Siyavakhsh

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Siyavakhsh (also spelled Siyavash) was an Iranian aristocrat from the House of Mihran who was descended from Bahrām Chōbin, the famous spahbed of the Sasanian Empire and briefly its emperor.

Biography[edit]

Map of northern Iran during Sasanian rule.

Siyavakhsh was the son Mihran Bahram-i Chubin, whose father was Bahram Chobin. Siyavakhsh is first mentioned during the first years of the fall of the Sasanian Empire, where he is said to have ruled Ray as a Sasanian vassal king. When Azarmidokht ascended the Sasanian throne as empress regnant in 630, the powerful spahbed (army chief) Farrukh Hormizd asked her to marry him. Not daring to refuse, Azarmidokht requested Siyavakhsh's aid, who murdered Farrukh Hormizd.[1]

In 632, this civil war ended and the wuzurgan agreed to make Yazdegerd III emperor. However, during the same time, the Arabs, united under the banner of Islam, invaded the Sasanian Empire. Although there were still numerous pagan and Christian Arabs who opposed the Muslim Arabs.

By 651, most of the Sasanian Empire had been conquered by the Arabs, Ray being one of the last Sasanian major cities left. Thus the Arab al-Nu'man ibn Muqrin marched towards Ray, and sent a message to them; "The Arab army has set out toward Rayy, and the Arabs have spread elsewhere. None can stand up to them. And Yazdegerd III is far from us."[2] Siyavakhsh then requested help from the people of Damavand, Tabaristan, Qumis, and Gorgan. Mardanshah of Damavand and other petty rulers agreed to help and sent reinforcements to Siyavakhsh.[3][4] Unfortunately for Siyavakhsh, Farrukh Hormizd's son Farrukhzad, who had mutinied against Yazdegerd III and knew the environs of Ray very well, made a peace treaty with al-Nu'man at Qazvin and agreed to help him against Siyavakhsh.[3]

The ensuing Battle of Ray was fought as a night battle at the foot of the mountain just outside Ray. Farrukhzad led some of al-Nu'aym's cavalry by a little-known way into the city from where they attacked the Mihranid army's rear, causing great bloodshed. Siyavakhsh's army was in the end defeated and he was himself killed.[5] To set an example, al-Nu'aym then ordered the destruction of the aristocratic quarter of Ray. However, the town was later rebuilt by Farrukhzad, who became the ruler of Ray.[3]

Family tree[edit]

 
 
 
 
 
 
 
 
 
 
 
 
 
 
 
 
 
 
 
 
 
 
 
 
 
 
 
 
Bahram Gushnasp
 
 
 
 
 
 
 
 
 
 
 
 
 
 
 
 
 
 
 
 
 
 
 
 
 
 
 
 
 
 
 
 
 
 
 
 
 
 
 
 
 
 
 
 
 
 
 
 
 
 
 
 
 
 
 
 
 
 
 
 
 
 
 
 
 
 
 
 
 
 
 
 
 
 
 
 
 
 
 
 
 
 
 
 
 
 
 
 
 
 
 
 
 
 
 
 
 
 
 
 
 
 
 
 
 
 
 
 
 
 
 
 
 
 
 
 
 
 
 
 
 
 
 
Mardansina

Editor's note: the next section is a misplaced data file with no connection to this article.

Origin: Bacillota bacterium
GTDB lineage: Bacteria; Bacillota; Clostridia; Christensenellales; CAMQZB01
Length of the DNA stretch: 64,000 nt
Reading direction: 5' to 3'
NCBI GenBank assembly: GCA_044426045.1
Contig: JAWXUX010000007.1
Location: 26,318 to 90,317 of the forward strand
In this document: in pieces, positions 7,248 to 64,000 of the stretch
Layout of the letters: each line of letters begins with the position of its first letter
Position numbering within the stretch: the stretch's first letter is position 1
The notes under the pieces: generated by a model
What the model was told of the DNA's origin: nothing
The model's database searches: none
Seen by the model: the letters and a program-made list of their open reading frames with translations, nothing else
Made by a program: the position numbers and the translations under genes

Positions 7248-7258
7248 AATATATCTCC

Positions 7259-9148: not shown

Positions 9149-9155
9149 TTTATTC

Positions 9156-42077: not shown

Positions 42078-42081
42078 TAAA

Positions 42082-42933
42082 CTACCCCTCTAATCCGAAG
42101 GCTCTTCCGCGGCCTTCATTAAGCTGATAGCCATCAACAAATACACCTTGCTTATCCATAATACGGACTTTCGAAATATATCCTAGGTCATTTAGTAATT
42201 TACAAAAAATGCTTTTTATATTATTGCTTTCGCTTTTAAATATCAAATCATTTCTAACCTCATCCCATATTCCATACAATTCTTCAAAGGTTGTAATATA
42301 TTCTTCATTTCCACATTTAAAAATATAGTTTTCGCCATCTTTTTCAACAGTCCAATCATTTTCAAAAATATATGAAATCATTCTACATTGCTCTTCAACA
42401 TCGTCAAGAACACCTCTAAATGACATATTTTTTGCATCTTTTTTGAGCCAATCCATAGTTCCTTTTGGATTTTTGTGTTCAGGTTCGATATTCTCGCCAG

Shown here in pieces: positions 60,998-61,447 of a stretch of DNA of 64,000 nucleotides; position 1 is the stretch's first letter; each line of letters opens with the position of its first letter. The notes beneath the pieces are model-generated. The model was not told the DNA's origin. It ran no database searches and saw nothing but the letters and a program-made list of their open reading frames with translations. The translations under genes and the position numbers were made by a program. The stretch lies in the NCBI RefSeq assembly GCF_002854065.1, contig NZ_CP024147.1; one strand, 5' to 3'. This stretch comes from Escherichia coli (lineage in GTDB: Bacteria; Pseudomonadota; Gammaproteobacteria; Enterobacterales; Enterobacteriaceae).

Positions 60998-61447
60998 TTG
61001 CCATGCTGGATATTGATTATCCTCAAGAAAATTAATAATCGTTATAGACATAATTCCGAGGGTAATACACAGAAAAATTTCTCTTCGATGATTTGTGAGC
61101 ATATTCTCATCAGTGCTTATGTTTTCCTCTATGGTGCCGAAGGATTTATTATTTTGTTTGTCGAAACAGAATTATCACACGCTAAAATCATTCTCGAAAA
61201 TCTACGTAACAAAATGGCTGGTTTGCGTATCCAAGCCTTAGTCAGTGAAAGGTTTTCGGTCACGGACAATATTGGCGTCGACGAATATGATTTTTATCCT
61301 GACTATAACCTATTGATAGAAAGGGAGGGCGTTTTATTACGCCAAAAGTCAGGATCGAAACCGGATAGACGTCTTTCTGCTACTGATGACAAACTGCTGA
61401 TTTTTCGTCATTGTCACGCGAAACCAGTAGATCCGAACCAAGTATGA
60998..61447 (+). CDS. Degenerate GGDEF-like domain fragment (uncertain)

Unknown
 
 
 
 
 
 
Bahram Chobin
 
Gorduya
 
Gordiya
 
 
 
 
 
 
 
 
 
 
 
 
 
 
 
 
 
 
 
 
 
 
 
 
 
 
 
 
 
 
 
 
 
 
 
 
 
 
 
 
 
 
 
 
 
 
 
 
 
 
 
 
 
 
 
 
 
 
 
 
 
 
 
 
 
 
 
 
 
 
 
 
 
 
 
 
 
 
 
 
 
 
 
 
 
 
Noshrad
 
 
 
 
 
Mihran Bahram-i Chubin
 
Shapur
 
 
 
 
 
 
 
 
 
 
 
 
 
 
 
 
 
 
 
 
 
 
 
 
 
 
 
 
 
 
 
 
 
 
 
 
 
 
 
 
 
 
 
 
 
 
 
 
 
 
 
 
 
Siyavakhsh
 
 
 
 
 
 
 
 
 
 
 
 
 
 
 
Toghmath
 
 
 
 
 
 
 
 
 
 
 
 
 
 
 
 
 
 
 
 
 
 
 
 
 
 
 
 
 
 
 
 
 
 
 
 
 
 
 
 
 
 
 
 
 
 
 
 
 
 
Jotman
 
 
 
 
 
 
 
 
 
 
 
 
 
 
 
 
 
 
 
 
 
 
 
 
 
 
 
 
 
 
 
 
 
 
 
 
 
 
 
 
 
 
 
 
 
 
 
Saman Khuda
 
 
 
 
 
 
 
 
 
 
 
 
 
 

References[edit]

  1. ^ Pourshariati 2008, p. 206.
  2. ^ Pourshariati 2008, p. 250.
  3. ^ a b c Pourshariati 2008, pp. 251-252.
  4. ^ Zarrinkub 1975, p. 19.
  5. ^ Shahbazi 1988, pp. 514-522.

Sources[edit]

  • Pourshariati, Parvaneh (2008). Decline and Fall of the Sasanian Empire: The Sasanian-Parthian Confederacy and the Arab Conquest of Iran. London and New York: I.B. Tauris. ISBN 978-1-84511-645-3.
  • Zarrinkub, Abd al-Husain (1975). "The Arab conquest of Iran and its aftermath". The Cambridge History of Iran, Volume 4: From the Arab Invasion to the Saljuqs. Cambridge: Cambridge University Press. pp. 1–57. ISBN 978-0-521-20093-6.
  • Daryaee, Touraj (2012). The Oxford Handbook of Iranian History. Oxford University Press. pp. 1–432. ISBN 0199875758.
  • Shahbazi, A. Sh. (1988). "BAHRĀM (2)". Encyclopaedia Iranica, Vol. III, Fasc. 5. pp. 514–522.